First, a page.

WINSTED – Freddie Camp knew the day belonged as much to the youthful, slender, woman with the sandy-brown hair standing off to the side. Maybe more. His immense athletic talent shares the stage with a deep soul and an appreciative heart. He knew. He has always known.
Northwestern Regional’s gifted three-sport athlete signed his national letter of intent to attend the University of Rhode Island on a football scholarship in front of a proud contingent of friends, teammates, coaches and administrators in the school’s media center Tuesday (Feb. 7)
Camp wore the smile of accomplishment and appreciation, a dream having come to fruition after a brilliant season that included more than 2,500 all-purpose yards and 33 touchdowns, the end zone found repeatedly in every manner possible – kickoff returns, punt returns, pick- 6s, rushing, passing, etc. All punctuated by All-State honors and one writer proclaiming him the best all-around player in the Naugatuck Valley League.
The magnitude of a college scholarship to play football, however, turned his thoughts to the woman on the side who in the bigger picture has never been on the side but front and center. His achieved goal of a scholarship was just part of a bigger goal.
“I wanted to do this for my mother. I didn’t want her to have to pay for college,” Camp said. “We aren’t poor and but we didn’t have some of the things maybe some other families had. And If I wanted something nice, my mother had to work extra hard to get it.”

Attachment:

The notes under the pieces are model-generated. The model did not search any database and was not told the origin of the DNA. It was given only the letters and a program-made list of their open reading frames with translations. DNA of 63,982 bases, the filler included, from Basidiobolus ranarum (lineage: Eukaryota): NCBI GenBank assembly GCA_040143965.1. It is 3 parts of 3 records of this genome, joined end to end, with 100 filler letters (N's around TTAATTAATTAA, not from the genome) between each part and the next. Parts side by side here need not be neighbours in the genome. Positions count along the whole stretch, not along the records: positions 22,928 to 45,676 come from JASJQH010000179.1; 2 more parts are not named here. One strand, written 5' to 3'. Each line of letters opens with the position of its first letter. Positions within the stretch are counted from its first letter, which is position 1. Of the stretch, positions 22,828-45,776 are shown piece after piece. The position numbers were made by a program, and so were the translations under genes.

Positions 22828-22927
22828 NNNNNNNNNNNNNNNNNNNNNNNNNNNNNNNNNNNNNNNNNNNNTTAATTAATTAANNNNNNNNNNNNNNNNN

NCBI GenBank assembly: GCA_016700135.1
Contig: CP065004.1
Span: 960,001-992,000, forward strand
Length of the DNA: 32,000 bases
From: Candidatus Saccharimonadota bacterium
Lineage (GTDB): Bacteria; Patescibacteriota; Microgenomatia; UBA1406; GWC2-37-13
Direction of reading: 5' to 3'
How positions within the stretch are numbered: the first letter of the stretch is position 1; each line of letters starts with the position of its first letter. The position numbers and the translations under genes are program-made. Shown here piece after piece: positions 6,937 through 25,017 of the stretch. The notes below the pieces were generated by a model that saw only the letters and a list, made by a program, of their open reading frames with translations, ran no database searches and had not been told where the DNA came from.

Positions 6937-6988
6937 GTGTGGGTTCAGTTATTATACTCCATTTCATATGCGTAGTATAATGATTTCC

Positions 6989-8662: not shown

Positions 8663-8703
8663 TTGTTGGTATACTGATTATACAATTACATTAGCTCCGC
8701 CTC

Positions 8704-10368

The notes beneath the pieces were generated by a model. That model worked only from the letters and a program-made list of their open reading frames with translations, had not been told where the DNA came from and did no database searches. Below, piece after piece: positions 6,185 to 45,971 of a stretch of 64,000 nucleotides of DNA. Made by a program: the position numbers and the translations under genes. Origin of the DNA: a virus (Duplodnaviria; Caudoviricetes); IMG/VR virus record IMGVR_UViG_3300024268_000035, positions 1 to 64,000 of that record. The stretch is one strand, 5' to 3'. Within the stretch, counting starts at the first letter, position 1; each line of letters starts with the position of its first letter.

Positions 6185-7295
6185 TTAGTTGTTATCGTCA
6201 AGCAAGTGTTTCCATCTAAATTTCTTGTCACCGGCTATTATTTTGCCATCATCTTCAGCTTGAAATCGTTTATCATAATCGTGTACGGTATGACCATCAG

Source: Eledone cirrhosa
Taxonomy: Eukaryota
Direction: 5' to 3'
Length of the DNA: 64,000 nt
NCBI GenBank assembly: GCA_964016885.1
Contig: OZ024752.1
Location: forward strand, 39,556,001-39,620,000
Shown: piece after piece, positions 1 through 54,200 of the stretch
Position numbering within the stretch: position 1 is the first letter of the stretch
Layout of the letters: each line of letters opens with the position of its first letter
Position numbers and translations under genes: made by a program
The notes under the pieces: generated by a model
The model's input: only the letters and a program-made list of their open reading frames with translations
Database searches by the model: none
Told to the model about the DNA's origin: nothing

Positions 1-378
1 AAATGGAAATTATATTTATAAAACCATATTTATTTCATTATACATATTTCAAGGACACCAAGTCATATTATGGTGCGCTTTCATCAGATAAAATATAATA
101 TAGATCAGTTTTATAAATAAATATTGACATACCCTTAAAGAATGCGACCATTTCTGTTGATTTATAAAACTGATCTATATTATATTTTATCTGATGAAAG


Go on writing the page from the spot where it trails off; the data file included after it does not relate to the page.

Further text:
Alexis Calder was the woman on the side, otherwise known as mom. All parts smiles, one part watery eyes, all parts proud.
Calder, a special education teacher for the Winchester school system, has been a single parent. She had Freddie at a young age and his dad is in North Carolina now. It has not been an easy road.
“It’s pretty much been (Freddie) and I,” Calder said. “Up until high school there was not much of a presence from dad but he is more involved now. It’s important for Freddie to have a relationship with his dad and he’s built that. But, I am so proud that he’s made it to this point despite not having the cookie-cutter child growing up experience
Freddie never asks me for anything and he sets an example for younger kids.”
Camp noticed the one-parent effort and never took it for granted.
“Ever since I was young I wanted to be involved in sports,” Camp said. “You get dreams of being an athlete. I did not want my mother to pay for college. I saw how hard my mother worked. She had a teen-age kid who needed to be places with no car and she drove me all around. One year I played baseball for the Burlington Bulldogs and it was expensive. She had no hesitation. Money was not a factor. I saw her take the time and money to get her Master’s Degree. I wanted her mind set.”
Calder has been a permanent fixture at Freddie’s games, missing no more than a handful of games through his career.
“I have seen him grow in all sports,” Calder said. “I really like watching him play baseball. It seems so effortless. You can see open plays and I’ve seen Freddie grow in him commitment to the team. I can see the wheels turning in his head. “
And there is no doubt what play in all sports sticks out in her mind. Sophomore year, state tournament. One of the most dominant pitchers in Connecticut scholastic history who would go on to be drafted No. 7 in the major league draft by the Kansas City Royals, East Catholic’s Frank Mozzicato on the mound.
“Seeing him hit the double off (Mozzicato) was pure joy, elation. It was one moment for everybody,” Calder said.
Calder will make the trips to Rhode Island to watch Freddie play defensive back. The drive will be longer, the love will be the same. Both will deal with the absence the next part of the journey creates.
“Mom is independent and that has rubbed off on me,” Camp said. “I love her.”
Freddie Camp knew his signing day was mom’s day too. It’s always been that way – His days are their days.